“I would encourage you to get as good as you can at truly acknowledging and stopping for the yellow and the red lights.” – Jennifer Colosimo in today’s Tip 1159
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Scott Ingram: You’re listening to the Daily Sales Tips podcast and I’m your host, Scott Ingram. Today’s tip comes from Jennifer Colosimo. Jennifer co-authored Strikingly Different Selling and Great Work, Great Career with leadership expert Stephen R. Covey. As president of FranklinCovey’s enterprise division, she is accountable for profitable growth in over 160 countries. She’s led teams in consulting, global operations, learning and development, CSR, and IT at FranklinCovey, Accenture, and DaVita, and served as a COO, CLO, and VP of Wisdom. Here she is:
Jennifer Colosimo: Some sales pursuits feel like a late-night drive where we mostly encounter intersections with green traffic lights. It’s easy drive. Others feel like a midday drive. And you’ve got some city streets. We see less green and much more yellow and red. And some are rush hour grind where we slog through a constant stream of yellow and red lights.
I’m guessing by now you know what I mean by using this metaphor of selling traffic lights. There’s three different colors. There’s green, client questions, and minor concerns that we can easily answer. We can resolve them. We can keep moving, moving forward. And then there’s yellow and red. Big pushback, challenges, objections. They slow us down or bring us to a big stop. We’ve all been buyers as well as sellers, so we know it’s natural and normal to ask questions. And it’s never a good idea in sales to ignore those questions that are symbolically yellow or red lights. Don’t ignore them. Don’t go around them. Don’t accelerate through them. Slow down.
So there’s three steps when you’ve got a yellow or a red light. First, acknowledge. And I’ll invest most of the time talking about acknowledgment understanding, which has a whole skill set in and of itself for solution selling and resolving, if possible. When you acknowledge what I mean by that is genuinely with authentic empathy. Like, I really believe this is a valid question, concern, or challenge, not in what can be perceived as in a trite way like, I understand or yes, I appreciate that and moving on.
Acknowledging with authentic empathy means you don’t run the light. You don’t immediately respond, answer, or defend, which is really what most salespeople do. They often immediately just respond, answer, defend. I’m going to run this light. With a yellow or red light, this approach tends to shut down dialogue and you won’t even get to understanding, which means you could solve a problem that actually isn’t even the problem to solve, if you don’t go any deeper.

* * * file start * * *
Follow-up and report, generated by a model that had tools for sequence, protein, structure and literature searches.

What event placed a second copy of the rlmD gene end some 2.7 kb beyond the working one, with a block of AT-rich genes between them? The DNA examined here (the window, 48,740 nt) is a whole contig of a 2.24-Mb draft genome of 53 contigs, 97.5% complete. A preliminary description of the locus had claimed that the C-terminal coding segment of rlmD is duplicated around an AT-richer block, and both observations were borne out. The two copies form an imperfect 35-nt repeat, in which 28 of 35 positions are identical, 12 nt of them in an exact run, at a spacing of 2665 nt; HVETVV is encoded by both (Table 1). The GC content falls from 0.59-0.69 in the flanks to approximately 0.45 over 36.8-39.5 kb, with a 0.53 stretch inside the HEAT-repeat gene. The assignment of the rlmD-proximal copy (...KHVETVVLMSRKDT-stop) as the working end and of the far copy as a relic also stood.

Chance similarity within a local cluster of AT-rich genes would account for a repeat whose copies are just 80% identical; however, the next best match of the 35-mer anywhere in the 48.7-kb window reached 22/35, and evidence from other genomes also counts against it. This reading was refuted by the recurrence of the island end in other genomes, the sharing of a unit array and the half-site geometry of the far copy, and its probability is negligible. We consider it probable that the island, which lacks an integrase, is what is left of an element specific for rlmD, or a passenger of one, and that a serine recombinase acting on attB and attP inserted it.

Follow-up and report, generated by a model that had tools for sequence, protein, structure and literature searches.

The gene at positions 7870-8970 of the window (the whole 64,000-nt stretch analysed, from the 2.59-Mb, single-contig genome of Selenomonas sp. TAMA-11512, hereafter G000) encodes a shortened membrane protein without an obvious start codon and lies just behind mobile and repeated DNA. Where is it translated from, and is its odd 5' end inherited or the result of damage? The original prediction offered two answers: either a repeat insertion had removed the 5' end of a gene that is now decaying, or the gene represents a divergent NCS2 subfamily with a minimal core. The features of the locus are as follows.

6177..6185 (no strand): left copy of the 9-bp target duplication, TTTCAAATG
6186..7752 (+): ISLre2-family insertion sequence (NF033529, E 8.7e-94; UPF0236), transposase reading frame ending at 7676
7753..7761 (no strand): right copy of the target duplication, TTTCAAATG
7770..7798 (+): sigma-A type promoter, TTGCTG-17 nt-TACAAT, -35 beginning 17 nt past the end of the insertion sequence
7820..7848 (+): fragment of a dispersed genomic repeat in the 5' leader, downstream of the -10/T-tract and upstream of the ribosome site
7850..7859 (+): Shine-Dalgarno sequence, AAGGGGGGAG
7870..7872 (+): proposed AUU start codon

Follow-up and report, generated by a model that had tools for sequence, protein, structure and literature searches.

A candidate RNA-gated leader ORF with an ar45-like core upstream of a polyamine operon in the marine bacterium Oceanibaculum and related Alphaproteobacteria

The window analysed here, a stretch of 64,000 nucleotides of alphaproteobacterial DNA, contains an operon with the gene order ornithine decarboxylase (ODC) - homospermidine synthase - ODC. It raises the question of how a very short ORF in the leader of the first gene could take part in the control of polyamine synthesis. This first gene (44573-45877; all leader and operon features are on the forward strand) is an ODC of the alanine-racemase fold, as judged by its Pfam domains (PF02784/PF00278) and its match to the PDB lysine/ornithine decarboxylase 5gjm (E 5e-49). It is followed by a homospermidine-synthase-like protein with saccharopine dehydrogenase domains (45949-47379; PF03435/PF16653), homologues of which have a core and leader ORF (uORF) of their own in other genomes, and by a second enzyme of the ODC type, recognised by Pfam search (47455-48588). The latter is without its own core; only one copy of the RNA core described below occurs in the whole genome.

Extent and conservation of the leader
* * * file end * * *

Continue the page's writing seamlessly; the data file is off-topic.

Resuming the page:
So sometimes these red lights are also they hit us emotionally. I completely disagree. You’re way off the mark. It’s too expensive and your physical body can react. Sometimes impacting breathing. Sometimes oxygen doesn’t flow to your brain. Your reptilian brain takes over. It’s hard to be authentic empathic if you feel attacked with emotion.
So number one, breathe. Practice responding to the types of objections that you get and practice some examples of acknowledging. So a genuine thank you for raising that concern. Let’s slow down and talk about it. I appreciate you being upfront that could have been something we skipped. May I ask a few questions to make sure I understand the concern?
Here’s a key point.
Acknowledging does not mean we agree. Now, of course, then you have to get to understanding. You have to get to resolution whole other skill sets. But I would encourage you to get as good as you can at truly acknowledging and stopping for the yellow and the red lights.
Scott Ingram: For links to connect with Jennifer and to pick up a copy of her book, “Strikingly Different Selling: 6 Vital Skills to Stand Out and Sell More,” just click over to DailySales.Tips/1159.
Once you’ve done that, be sure to come back tomorrow for another great sales tip. Thanks for listening!